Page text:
i) What is the composition of the coin and the corrosion products?
ii) What is the microstructure of the coin?
iii) What was the shape and state of blank?
iv) Why the coin has scyphate form?
v) Were all the punch marks struck at once?
vi) Was the coin in circulation?

The scanning electron microscope (SEM) is a versatile equipment that can be used to study the topological features of surfaces. One of the greatest advantage of using a SEM over conventional optical microscopy is that the depth of field is much higher in the SEM and therefore detailed surface structures can be studies. Indeed, the SEM is capable of very high magnifications compared to the optical microscope. The composition of the material being observed can also be simultaneously determined in SEMs attached with an energy dispersive analysis by X-ray (EDAX) unit. The SEM used in the present study was a Philips SEM. In order to determine the composition of the silver coin and the corrosion products, a S-360 Leica scanning electron microscope with attached AN 10000 Link EDS unit was utilized.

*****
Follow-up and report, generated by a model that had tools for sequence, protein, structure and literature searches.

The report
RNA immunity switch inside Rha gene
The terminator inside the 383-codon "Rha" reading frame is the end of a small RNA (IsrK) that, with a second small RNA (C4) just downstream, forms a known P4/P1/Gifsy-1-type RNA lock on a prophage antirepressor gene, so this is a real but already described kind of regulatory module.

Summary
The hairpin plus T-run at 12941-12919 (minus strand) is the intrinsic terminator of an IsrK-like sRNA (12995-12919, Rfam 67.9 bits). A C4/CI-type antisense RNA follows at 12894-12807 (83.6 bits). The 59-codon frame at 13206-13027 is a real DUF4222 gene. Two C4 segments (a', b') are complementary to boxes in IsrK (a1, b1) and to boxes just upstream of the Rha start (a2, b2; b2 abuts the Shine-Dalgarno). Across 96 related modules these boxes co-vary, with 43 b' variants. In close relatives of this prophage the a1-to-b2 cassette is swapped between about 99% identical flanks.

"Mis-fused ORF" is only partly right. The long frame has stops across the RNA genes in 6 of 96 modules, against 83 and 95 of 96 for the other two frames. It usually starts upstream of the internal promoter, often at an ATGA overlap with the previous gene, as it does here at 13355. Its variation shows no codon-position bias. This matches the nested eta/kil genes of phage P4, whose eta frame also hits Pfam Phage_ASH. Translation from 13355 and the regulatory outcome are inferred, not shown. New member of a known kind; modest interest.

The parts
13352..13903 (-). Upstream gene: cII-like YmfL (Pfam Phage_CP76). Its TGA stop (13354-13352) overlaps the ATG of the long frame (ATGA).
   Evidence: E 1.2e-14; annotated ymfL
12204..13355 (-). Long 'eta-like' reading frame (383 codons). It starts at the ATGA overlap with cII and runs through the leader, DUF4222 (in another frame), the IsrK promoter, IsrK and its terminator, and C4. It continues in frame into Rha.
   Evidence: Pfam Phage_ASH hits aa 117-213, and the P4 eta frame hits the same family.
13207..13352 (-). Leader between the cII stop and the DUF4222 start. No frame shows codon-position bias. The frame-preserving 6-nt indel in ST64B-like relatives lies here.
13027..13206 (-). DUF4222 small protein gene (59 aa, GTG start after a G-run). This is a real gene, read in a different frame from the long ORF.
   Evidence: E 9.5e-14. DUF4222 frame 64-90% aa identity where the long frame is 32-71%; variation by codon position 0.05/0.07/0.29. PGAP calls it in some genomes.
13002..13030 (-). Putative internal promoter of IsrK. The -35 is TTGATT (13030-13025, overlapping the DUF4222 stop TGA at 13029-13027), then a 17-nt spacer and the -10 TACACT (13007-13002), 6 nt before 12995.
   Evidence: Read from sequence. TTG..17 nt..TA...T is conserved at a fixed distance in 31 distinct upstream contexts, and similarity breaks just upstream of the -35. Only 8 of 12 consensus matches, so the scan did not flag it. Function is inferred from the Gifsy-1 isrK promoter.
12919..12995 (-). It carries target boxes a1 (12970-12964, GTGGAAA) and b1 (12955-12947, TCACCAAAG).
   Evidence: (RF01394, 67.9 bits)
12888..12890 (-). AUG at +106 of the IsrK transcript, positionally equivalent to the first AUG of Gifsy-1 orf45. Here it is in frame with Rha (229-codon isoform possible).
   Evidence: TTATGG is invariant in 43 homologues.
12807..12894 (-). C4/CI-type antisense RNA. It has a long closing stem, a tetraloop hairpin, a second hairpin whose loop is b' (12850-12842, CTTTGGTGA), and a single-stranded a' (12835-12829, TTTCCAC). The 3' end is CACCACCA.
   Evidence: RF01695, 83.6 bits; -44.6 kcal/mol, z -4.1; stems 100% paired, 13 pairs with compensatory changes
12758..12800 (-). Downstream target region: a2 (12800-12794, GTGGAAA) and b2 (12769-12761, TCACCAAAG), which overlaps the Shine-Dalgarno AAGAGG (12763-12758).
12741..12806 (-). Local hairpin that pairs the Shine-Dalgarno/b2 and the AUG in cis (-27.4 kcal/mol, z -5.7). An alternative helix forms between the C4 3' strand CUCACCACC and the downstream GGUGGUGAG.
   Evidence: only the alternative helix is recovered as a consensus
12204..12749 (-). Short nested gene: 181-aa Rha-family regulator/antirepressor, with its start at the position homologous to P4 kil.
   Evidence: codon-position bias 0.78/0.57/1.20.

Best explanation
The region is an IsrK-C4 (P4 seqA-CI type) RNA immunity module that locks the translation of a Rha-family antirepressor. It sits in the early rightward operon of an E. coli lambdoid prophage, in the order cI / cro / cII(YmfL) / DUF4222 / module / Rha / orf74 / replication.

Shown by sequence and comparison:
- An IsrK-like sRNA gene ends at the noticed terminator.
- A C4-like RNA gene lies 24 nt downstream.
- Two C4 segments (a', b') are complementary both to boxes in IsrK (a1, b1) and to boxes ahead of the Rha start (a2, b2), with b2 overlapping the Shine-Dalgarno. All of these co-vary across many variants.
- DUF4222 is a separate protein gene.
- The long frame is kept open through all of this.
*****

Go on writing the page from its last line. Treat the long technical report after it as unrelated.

The composition of the coin was determined quantitatively at five different locations (a to e) as indicated in figure 2. All the values and average of major components is shown in table 1. This quantitative analysis clearly indicates that the major component of the coin was silver (97.17%) with minor alloying of gold (0.71%), copper (0.88%) and lead (1.19%). The corrosion products were also analyzed quantitatively at different spots and were observed to be exclusively silver sulphide (Ag2S). In some deep cracks on the coin, we identified Silica (SiO2) which is most likely due to the sand particles entrapped within the cracks while coin was buried for centuries.